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Oct 21, 2019

Norway's US$1 trillion fund builds Rio stake after dirty mine sold

A dump truck travels along a ramp in an open pit mine at the Oyu Tolgoi copper-gold mine, jointly ow

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After freezing out Rio Tinto Group for more than a decade for owning a highly-polluting copper mine, one of the world’s biggest sovereign wealth funds has brought the company back into the fold.

Norway’s US$1 trillion wealth fund built a 1.4-per-cent stake in the world’s No. 2 miner by the end of September, according to Bloomberg data. That puts the fund among the top 10 holders of Rio Tinto shares, the data show.

The investment demonstrates the value of meeting the increasingly aggressive environmental goals set by some of the largest money managers. Norway’s wealth fund is at the forefront of those efforts, and said earlier this year it would stop investing in companies that mine more than 20 million tons a year of thermal coal, the most polluting fuel. Miners including Glencore Plc and Anglo American Plc are set to fall foul of this rule.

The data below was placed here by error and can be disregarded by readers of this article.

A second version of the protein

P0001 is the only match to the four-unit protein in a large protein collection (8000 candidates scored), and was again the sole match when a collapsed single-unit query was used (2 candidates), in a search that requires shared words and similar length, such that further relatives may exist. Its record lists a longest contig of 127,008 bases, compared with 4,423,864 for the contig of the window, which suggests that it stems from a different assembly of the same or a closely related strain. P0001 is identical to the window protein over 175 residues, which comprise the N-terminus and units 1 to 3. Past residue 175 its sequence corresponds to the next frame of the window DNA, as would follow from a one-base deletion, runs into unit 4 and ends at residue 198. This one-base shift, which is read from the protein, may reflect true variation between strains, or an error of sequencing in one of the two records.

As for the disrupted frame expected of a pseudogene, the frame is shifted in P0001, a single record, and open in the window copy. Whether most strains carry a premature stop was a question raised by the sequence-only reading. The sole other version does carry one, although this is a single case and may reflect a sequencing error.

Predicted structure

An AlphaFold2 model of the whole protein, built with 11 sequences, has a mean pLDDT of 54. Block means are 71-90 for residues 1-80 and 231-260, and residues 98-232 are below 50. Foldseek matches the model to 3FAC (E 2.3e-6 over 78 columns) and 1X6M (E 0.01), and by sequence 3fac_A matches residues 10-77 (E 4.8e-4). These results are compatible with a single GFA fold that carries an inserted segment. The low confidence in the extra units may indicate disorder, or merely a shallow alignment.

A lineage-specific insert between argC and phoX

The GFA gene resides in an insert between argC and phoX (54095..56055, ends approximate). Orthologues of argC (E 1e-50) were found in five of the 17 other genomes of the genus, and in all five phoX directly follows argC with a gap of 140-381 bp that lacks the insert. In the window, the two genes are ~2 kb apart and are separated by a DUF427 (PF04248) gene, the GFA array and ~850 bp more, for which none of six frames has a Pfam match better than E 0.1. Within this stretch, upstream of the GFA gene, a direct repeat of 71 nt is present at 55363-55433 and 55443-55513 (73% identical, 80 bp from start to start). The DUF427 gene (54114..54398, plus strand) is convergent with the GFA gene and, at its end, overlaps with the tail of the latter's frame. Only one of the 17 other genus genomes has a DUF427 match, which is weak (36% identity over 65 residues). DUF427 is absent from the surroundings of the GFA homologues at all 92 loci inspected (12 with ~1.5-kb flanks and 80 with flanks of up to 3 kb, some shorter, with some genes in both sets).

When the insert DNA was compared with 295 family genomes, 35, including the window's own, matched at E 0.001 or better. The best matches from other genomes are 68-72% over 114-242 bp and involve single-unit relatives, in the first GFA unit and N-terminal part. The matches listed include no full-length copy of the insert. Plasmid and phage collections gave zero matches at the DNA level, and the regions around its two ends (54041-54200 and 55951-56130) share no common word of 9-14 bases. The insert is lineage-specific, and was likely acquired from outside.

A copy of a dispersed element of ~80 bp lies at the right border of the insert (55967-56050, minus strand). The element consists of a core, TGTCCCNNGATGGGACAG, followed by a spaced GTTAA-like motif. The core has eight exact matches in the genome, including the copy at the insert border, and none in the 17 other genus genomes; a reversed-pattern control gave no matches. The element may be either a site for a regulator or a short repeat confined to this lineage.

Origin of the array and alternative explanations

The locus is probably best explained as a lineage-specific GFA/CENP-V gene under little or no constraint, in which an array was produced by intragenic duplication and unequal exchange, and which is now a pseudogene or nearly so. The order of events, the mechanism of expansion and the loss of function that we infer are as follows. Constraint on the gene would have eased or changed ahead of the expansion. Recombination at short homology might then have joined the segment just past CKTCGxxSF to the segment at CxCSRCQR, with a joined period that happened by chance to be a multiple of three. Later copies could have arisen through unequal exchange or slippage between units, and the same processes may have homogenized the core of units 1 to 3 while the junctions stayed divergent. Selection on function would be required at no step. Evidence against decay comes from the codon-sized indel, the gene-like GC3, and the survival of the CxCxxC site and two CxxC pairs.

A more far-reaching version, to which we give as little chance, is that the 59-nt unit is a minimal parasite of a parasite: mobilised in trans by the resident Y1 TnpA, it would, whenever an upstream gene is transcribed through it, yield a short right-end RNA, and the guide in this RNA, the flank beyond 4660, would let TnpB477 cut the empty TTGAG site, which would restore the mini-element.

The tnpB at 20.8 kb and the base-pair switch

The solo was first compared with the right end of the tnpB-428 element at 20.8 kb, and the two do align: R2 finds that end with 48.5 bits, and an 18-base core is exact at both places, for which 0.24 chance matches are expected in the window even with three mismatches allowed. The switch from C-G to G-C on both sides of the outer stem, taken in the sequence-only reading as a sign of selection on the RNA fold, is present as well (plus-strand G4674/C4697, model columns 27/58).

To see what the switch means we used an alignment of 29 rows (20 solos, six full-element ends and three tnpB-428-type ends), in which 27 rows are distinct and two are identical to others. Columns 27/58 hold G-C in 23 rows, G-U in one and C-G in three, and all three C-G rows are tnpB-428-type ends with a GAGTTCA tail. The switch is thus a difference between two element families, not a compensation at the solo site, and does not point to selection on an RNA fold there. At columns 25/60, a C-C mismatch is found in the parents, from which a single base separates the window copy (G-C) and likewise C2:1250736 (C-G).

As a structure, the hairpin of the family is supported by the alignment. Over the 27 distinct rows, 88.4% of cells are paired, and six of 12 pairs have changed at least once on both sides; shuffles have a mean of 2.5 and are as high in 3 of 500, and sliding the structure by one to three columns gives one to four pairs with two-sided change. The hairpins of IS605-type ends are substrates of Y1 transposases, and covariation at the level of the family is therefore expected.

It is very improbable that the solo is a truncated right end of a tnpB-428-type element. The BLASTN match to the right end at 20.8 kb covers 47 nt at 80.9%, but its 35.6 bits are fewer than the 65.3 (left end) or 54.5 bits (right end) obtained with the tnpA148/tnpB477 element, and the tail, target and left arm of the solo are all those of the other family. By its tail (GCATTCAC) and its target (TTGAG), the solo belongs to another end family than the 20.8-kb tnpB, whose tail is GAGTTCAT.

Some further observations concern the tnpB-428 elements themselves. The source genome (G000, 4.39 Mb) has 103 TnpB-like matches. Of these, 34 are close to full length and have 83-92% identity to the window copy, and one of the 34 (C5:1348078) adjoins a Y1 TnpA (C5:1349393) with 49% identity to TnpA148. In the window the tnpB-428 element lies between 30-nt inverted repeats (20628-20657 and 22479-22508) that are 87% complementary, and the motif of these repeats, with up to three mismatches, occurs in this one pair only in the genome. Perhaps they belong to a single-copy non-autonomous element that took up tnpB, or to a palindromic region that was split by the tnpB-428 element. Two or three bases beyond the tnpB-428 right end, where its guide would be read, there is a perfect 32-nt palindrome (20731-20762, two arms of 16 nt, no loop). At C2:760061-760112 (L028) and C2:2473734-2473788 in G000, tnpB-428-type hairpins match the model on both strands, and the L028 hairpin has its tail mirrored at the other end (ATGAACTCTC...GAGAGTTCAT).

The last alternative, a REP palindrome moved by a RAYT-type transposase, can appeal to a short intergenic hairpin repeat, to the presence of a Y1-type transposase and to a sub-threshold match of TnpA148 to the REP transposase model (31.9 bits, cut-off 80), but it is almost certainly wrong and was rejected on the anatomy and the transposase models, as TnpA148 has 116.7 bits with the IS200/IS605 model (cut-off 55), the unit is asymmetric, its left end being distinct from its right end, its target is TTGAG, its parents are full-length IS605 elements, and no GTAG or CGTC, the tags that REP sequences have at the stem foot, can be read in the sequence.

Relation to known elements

Norway refused to buy Rio Tinto stock for more than a decade because of the environmental damage caused by its Grasberg mine in Indonesia, one of the world’s biggest copper and gold projects. In June, the fund said it had revoked that exclusion, after a recommendation from its Council on Ethics.

Rio agreed to sell its stake in Grasberg last year for US$3.5 billion. The mine, operated by U.S. company Freeport-McMoRan Inc., is highly contentious. Every year it dumps tens of millions of tons of mining waste into an Indonesian river system and will continue to do so for years to come.

Rio has sought to burnish its environmental credentials, becoming increasingly vocal on the subject. After offloading its last coal mine in 2018, the company has sought to distinguish itself from rivals that still have fossil-fuel exposure.

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